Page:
Review: ‘Smile’

Sosie Bacon Shines In Parker Finn’s Creatively Terrifying Directorial Debut

We must always remind ourselves that horror films are the originals when it comes to addressing societal axinites we have under the pretense of a big evil monster lurking in the shadows, especially in an age where even Disney/Pixar pictures are imaginative character studies about adult issues. There is no need to recreate the wheel because this style of filming has stood the test of time. Parker Finn, a first-time feature-length director, turns up the suspense, mood, score, sound, and unending inventive jump scares in Paramount Pictures’ newest movie Smile (an adaptation and expansion of his original short film Laura Hasn’t Slept).

Dr. Rose Cotter (Sosie Bacon) is a therapist who works with patients who have serious psychological issues in an emergency psychiatric hospital. She frequently puts in 80 hours a week, and in addition to suffering from severe burnout, she also has unresolved concerns from her mother’s death when she was a young girl. One day, she attends to a client who has illusions of being tormented by an “entity.” Ten minutes into the session, her patient begins to scream, then stops to give her the CREEPIEST SMILE EVER before horrifyingly committing suicide.

Rose is understandably shaken by her patient’s horrible suicide. She receives comforting messages from her fiancé Trevor (Jessie T. Usher), her ex-boyfriend/police officer Joel (Kyle Gallner), and even her supervisor Morgan (Kal Penn). But when she’s by herself, she starts to hear voices and notice odd (and actually unsettling) images in the dark. She initially dismisses it as post-traumatic stress disorder (PTSD) from witnessing a suicide, but as she thinks about her mother’s mental illness, she begins to wonder if she might be experiencing the same condition or is it “something else.”

It’s not a mental illness, at least. In Smile, a weird otherworldly aspect is present, which heightens the tension. There is a clock ticking against Rose before she becomes the next victim of whatever this “thing” is that is haunting those who have witnessed a horrible occurrence, causing them to lose their minds and finally go and harm themselves. Unfortunately, when she tries to explain things to her fiancé or sister, they dismiss her as being simply “crazy” and look at her incredulously. Her ex-boyfriend is beneficial since he truly pays attention to her and aids her in trying to figure out what precisely is wrong with her.

The tension-filled atmosphere of Smile makes it extremely horrifying, especially due to the countless jump scares that Parker Finn expertly executes throughout the movie. Jump scares are typically “cheap” and don’t really work in many movies, but in Smile, the atmosphere is so good that you can’t help but recoil a foot or two back when anything out of the ordinary occurs and jumps in your face. And you can’t help but feel your anxiety reach its peak EVERY SINGLE TIME Rose notices someone flashing that terribly scary smile that only she (and the audience) can see. The sound design used throughout the movie adds another fantastic element of tension. One particular scene has you hyper-focus on a tiny sound, and then a huge jump scare happens that makes you literally scream in the theater. Yes, Smile is a movie that calls for audience participation because you’ll find yourself yelling at the screen as insane things happen.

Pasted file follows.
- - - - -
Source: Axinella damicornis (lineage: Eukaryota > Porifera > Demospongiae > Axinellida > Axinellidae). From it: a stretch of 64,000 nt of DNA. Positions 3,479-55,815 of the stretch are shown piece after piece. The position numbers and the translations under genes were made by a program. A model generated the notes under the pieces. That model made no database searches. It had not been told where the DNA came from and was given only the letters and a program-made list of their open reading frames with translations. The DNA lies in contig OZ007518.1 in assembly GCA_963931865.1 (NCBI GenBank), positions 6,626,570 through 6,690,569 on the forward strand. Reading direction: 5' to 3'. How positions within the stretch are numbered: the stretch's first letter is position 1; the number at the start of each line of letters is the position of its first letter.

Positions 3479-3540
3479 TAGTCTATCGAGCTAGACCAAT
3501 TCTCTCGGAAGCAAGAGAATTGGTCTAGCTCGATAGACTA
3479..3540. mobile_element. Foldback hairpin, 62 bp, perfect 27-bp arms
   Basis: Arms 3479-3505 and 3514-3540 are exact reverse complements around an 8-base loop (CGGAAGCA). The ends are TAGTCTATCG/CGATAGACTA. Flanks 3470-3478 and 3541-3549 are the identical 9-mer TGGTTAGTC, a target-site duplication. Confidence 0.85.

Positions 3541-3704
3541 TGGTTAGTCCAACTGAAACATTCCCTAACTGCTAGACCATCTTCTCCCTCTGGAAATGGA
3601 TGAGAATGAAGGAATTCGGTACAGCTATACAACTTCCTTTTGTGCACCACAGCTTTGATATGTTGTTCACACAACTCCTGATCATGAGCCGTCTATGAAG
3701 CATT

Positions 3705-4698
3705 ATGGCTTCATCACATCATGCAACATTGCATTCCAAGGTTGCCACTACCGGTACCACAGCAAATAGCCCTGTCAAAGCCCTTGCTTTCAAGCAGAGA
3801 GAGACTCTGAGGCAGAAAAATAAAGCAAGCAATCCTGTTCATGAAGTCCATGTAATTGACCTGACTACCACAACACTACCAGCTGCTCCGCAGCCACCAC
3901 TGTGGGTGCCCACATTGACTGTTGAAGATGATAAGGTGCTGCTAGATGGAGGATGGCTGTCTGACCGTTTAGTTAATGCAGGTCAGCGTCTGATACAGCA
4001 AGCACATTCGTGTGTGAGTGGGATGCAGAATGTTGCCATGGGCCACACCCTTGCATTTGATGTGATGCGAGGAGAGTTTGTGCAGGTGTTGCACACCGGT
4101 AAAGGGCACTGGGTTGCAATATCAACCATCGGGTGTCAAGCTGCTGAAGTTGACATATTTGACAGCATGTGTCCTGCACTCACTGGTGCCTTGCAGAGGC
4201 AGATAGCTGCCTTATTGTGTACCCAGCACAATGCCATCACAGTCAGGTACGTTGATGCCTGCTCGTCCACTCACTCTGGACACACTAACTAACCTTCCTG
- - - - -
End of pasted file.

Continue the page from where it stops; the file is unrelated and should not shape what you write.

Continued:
In terms of acting, Sosie Bacon is the star of Smile. Over the course of the movie’s 115 minutes, she transforms from a calm and collected therapist to a maniac, paranoid, and delusional person on the brink. She serves as our audience avatar, so you undoubtedly travel with her on the journey. Rob Morgan also excels in a moment where he plays a survivor of the entity who sheds insight on the situation. As Rose’s personal therapist, Robin Weigert offers a fantastic performance, constantly trying to bring her back to reality. The remainder of the supporting cast, on the other hand, has little to do during the movie because their main role is to react to Rose. Even though Smile is a longer version of a short film, it seems like the supporting cast could use a little more development.

It’s amazing that Paramount originally wanted to release Smile on their streaming service instead of in theaters. It’s a good thing that test screenings were highly receptive to the film as this is absolutely deserving of being seen in the theater with an audience that is vocally engaged with the material. Smile works very effectively as a horror movie, because as much as it’s about weird demonic entities horrifying Rose (and the audience), it’s a great exploration of trauma, suicide, and dealing with issues of the past…. and it’s creepy as hell!

Smile is currently in theaters.